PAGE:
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Best Practices for Script Combining
However, many variables determine Web site performance, and using ScriptManager to combine scripts might not always be the correct strategy. This topic offers suggestions for how to make the best use of script combining.
Measure the performance of Web pages with and without script combining, and with different parameters and network configurations. To make the measurements, you can use many performance tools, such as Visual Studio Profiler, Fiddler, and Firebug. Visual Studio Profiler is a commercial profiler that helps diagnose performance problems in .NET Framework-based applications, which includes ASP.NET Web applications. Visual Studio Profiler is available in the Visual Studio Team System suite. For information about how to use the Visual Studio Profiler with an ASP.NET Web site, see How to: Use CLR Profiler on the Microsoft Patterns and Practices Web site. Fiddler is a free tool that enables you to inspect HTTP traffic, set breakpoints, and edit incoming and outgoing data between your computer and the Internet. For more information, see the Fiddler PowerToy page on the MSDN Web site. Firebug is a debugging add-on for the Mozilla Firefox Web browser.
The ScriptManager control enables you to specify the scripts that you want to combine by using either path-based or assembly-based script references. A path-based script reference specifies a script by using the location of the script in the Web site folder structure. An assembly-based script reference specifies a script that is based on the name of the assembly that the script was compiled into.
The ScriptManager control is more efficient at combining assembly-based scripts than it is at combining path-based scripts. Therefore, we suggest that if you are using path-based scripts, you combine them manually.
Combining scripts is a balance between download performance and cache performance (memory use). Download performance is the time that is required in order to download a script from the server. Cache performance is determined by how long the browser stores the script on the client, and the amount of memory that the cache requires.
Imagine a Web site that has pages named PageA.aspx and PageB.aspx. PageA.aspx references three scripts: Script1.js, Script2.js, and Script3.js. PageB.aspx references Script1.js, Script2.js, and Script4.js. The following list shows some of the possible script combinations that you can use:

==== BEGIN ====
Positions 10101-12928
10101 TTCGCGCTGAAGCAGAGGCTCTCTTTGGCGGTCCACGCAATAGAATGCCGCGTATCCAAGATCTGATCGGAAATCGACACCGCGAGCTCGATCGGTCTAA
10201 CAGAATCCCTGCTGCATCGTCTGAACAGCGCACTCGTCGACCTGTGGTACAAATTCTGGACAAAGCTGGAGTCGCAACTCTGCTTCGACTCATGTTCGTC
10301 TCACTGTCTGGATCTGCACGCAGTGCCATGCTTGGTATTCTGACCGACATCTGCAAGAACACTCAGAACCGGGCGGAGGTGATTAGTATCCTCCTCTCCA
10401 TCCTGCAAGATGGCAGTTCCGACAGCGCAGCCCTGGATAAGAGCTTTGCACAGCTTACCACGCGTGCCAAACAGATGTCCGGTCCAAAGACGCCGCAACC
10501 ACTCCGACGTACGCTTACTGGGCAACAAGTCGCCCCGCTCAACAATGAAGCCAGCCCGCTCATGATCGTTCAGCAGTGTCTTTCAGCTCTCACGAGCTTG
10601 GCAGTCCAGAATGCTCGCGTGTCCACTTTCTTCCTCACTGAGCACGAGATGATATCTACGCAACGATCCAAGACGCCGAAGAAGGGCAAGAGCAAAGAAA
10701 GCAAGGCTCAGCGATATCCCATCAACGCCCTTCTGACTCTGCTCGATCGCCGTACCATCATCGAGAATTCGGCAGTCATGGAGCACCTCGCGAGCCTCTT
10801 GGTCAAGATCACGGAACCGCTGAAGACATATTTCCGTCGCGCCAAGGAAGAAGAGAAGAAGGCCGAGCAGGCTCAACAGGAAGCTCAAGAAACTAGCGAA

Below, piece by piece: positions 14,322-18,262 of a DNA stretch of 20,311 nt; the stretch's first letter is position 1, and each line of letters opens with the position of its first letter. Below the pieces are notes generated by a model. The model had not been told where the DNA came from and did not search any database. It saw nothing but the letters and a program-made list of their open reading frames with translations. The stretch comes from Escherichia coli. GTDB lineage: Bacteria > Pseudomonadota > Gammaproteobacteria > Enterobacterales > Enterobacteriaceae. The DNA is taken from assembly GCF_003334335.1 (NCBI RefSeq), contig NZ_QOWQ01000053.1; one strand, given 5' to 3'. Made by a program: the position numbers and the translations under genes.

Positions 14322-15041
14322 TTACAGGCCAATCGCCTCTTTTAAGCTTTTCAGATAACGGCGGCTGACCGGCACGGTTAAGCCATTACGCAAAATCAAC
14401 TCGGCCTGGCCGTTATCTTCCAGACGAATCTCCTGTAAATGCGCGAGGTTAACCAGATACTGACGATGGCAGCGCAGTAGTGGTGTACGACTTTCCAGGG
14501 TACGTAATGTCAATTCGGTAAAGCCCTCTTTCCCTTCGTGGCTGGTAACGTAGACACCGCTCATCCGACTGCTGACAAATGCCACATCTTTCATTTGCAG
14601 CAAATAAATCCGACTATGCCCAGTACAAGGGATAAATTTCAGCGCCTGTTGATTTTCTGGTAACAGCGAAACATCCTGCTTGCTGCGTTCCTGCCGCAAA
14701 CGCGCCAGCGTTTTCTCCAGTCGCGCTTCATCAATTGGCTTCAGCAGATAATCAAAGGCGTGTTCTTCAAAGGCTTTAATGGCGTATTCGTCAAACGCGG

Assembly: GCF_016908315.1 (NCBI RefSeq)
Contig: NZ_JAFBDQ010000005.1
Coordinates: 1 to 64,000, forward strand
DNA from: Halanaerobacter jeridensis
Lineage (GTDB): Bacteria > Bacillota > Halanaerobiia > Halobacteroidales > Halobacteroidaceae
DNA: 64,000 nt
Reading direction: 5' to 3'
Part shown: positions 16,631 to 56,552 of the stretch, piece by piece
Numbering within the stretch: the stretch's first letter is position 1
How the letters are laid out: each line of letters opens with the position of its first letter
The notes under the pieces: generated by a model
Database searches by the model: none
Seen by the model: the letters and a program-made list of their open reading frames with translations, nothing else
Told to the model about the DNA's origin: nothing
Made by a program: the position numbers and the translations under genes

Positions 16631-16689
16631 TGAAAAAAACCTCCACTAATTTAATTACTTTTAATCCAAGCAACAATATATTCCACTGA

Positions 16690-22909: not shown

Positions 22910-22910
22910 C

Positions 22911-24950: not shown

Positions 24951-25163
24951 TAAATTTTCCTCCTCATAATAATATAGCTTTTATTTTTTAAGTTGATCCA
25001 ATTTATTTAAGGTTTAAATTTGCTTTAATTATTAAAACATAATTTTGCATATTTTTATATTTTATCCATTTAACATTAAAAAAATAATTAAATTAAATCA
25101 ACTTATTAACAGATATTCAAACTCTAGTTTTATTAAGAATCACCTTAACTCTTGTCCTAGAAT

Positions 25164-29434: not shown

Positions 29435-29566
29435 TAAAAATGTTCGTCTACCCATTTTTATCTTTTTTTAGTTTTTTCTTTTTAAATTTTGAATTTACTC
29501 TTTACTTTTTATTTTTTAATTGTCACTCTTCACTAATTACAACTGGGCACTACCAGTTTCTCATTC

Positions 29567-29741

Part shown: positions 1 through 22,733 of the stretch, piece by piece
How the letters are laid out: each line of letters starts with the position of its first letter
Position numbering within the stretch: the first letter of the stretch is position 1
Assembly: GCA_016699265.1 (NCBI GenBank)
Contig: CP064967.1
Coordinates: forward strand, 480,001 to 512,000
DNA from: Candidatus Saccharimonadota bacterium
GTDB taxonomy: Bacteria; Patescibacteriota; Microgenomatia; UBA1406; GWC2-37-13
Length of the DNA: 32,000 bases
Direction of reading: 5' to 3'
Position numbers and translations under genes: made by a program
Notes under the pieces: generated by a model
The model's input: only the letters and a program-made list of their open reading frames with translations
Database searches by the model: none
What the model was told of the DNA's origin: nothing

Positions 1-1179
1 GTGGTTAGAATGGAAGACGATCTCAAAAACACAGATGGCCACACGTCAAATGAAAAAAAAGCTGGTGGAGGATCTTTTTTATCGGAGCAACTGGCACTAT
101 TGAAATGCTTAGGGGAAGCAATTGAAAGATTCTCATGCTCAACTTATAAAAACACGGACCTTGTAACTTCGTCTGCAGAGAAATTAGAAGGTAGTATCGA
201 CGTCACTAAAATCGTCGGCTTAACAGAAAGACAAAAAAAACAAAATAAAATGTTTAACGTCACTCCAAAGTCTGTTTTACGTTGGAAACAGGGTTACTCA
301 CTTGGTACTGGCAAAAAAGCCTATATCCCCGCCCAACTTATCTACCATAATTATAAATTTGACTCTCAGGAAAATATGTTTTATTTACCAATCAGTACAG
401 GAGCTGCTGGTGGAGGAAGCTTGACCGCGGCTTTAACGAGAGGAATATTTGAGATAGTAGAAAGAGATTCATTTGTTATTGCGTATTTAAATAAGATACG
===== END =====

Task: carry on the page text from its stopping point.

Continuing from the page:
Create a combined script that includes Script1.js, script2.js, and Script3.js. When the user requests PageA.aspx, the first three scripts are downloaded and cached. When the user requests PageB.aspx, Script1.js and Script2.js are downloaded again, because they are combined with Script4.js, which is needed by PageB.aspx.
Create a combined script that includes Script1.js and Script2.js. If the user requests PageA.aspx, the combined script and Script3.js are downloaded and cached. If the user then requests PageB.aspx, only Script4.js is downloaded. This causes just one extra download each for PageA.aspx and PageB.aspx.
Create a combined script that contains all four scripts. When a user requests PageA.aspx, all scripts are loaded. When a user requests PageB.aspx, PageB.aspx does not have to download any scripts, because they are already cached. However, if most users request PageA.aspx but never request PageB.aspx, the first request downloads more scripts than are required, which uses cache space unnecessarily.
Any of these solutions might be right for a given Web site, depending on the Web-site design and on the traffic patterns for the site.
Script combining is one of several ways to improve the performance of a Web site. Other performance boosters include the following:
Combine multiple cascading style sheets (CSS) into a single style sheet.
Remove duplicate scripts.
Use a content-delivery network. A content-delivery network is a collection of Web servers that is spread across multiple locations so that content can be moved physically closer to the user.
Add an Expires header to HTTP responses.
Use HTTP compression.
For more information about performance improvements, see the book High Performance Web Sites by Steve Souders.